Casey Daugherty's picture
Casey Daugherty
Teacher, Republic, Missouri

Thanks, Elena, for this reminder of Teacher Leadership. Web20Classroom tweeted it out this morning, and I couldn't help but read it. We had a good discussion at our Summer Institute (Ozarks Writing Project, Springfield, MO)one afternoon about this topic. My principal was there and talked about how schools (admins) do a terrible job of training teachers to be leaders, and how often teachers are placed into leadership positions because no one else will fill the role, or possibly because they have the most experience (after I left my last school, a teacher in her 2nd year of teaching took my place as the Department Chair because she had seniority/longevity over the others in the department.) This I know isn't uncommon.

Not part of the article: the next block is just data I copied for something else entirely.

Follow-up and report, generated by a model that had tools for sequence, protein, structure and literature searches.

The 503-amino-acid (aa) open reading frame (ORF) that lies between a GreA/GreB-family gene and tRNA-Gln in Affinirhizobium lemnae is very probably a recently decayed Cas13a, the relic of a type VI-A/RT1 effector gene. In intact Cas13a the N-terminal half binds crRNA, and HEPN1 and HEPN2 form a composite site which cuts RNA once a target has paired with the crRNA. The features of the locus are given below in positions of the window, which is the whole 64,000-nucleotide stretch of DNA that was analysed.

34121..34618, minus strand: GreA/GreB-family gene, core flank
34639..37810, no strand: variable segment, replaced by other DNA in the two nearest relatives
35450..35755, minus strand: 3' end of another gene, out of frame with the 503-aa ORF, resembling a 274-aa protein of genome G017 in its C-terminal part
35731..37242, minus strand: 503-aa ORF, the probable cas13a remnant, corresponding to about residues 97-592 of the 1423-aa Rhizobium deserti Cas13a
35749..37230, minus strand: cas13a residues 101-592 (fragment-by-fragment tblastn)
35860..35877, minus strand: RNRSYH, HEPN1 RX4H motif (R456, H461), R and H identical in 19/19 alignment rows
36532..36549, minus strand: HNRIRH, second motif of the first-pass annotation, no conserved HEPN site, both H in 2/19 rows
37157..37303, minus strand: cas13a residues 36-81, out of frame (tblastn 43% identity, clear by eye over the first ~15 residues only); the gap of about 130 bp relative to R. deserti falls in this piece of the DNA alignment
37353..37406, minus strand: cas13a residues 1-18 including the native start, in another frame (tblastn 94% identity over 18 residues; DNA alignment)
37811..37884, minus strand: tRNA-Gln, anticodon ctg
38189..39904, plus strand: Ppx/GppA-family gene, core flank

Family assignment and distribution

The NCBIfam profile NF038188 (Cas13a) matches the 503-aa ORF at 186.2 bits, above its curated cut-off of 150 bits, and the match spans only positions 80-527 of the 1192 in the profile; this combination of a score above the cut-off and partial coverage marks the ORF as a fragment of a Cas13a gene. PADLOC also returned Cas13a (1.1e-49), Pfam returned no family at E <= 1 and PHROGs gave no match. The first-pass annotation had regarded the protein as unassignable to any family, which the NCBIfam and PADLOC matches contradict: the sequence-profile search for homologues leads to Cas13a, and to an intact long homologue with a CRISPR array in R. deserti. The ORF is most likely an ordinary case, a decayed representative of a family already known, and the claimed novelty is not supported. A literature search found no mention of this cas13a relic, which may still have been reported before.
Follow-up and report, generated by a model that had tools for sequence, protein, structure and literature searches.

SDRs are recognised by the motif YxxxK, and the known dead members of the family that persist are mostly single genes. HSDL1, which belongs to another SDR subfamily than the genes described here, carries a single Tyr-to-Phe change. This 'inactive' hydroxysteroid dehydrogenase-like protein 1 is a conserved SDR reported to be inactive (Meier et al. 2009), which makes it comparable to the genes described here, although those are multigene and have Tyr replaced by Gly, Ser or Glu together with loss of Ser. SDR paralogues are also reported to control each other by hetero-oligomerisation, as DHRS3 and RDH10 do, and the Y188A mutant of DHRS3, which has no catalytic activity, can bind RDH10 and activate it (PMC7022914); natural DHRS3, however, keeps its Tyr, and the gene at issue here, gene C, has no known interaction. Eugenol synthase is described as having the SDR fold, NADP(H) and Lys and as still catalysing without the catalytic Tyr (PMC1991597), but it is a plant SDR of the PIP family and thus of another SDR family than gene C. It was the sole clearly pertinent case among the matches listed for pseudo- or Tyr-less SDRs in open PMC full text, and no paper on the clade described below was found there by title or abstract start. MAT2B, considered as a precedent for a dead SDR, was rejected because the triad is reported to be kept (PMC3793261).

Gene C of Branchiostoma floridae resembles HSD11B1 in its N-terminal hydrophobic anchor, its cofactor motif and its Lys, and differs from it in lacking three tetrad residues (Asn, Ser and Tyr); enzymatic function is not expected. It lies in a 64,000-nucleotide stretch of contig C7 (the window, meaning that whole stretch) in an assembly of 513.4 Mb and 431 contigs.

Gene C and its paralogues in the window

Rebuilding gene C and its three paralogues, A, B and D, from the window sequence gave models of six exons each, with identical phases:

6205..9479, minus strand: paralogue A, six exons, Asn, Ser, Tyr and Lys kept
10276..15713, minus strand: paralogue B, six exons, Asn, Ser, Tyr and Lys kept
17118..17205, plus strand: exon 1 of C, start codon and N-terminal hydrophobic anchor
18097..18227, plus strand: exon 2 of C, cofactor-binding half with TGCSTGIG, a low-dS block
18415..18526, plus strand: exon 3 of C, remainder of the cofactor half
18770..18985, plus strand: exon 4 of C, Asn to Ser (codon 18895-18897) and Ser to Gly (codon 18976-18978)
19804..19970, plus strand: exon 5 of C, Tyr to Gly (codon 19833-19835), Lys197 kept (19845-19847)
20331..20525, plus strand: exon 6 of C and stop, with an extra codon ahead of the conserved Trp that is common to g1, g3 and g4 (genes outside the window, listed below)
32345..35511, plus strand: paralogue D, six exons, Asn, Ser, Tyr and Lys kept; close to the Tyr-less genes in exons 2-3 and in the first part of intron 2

I do want to mention that being a Teacher Leader isn't always about "doing" new things, taking new steps, and looking for new opportunities. We have powerful teacher leaders in many schools who are the agents of change simply by listening, being present, and offering advice to fellow teachers when asked. Don't get me wrong. I consider myself a Teacher Leader because I try to be innovative in my classroom, I take initiative to present at conferences and share my expertise, I'm active politically in education at the local and national level, and I'm constantly pursuing learning. But, here's why I view myself as a teacher leader: last week I was working in my classroom on a day when the English II teachers decided to meet and work on their curriculum together (which was a first, too, and a giant step toward teacher leadership and collaboration!). At the end of their work, they bounced into my room and shared their ideas. They were so proud of the work they had accomplished together, they couldn't wait to share it with someone who cared just as much as they did, and I don't teach English II. I spent 10 minutes listening to brilliant and excited teachers share goals for each quarter, and what assessment would look like, and how they came to see the end result and the pathway that would take them there. Our true teacher leaders are the teachers down the hall from you and you just can't wait to share with them because you know they will listen, and you also know they might have some expertise to share back.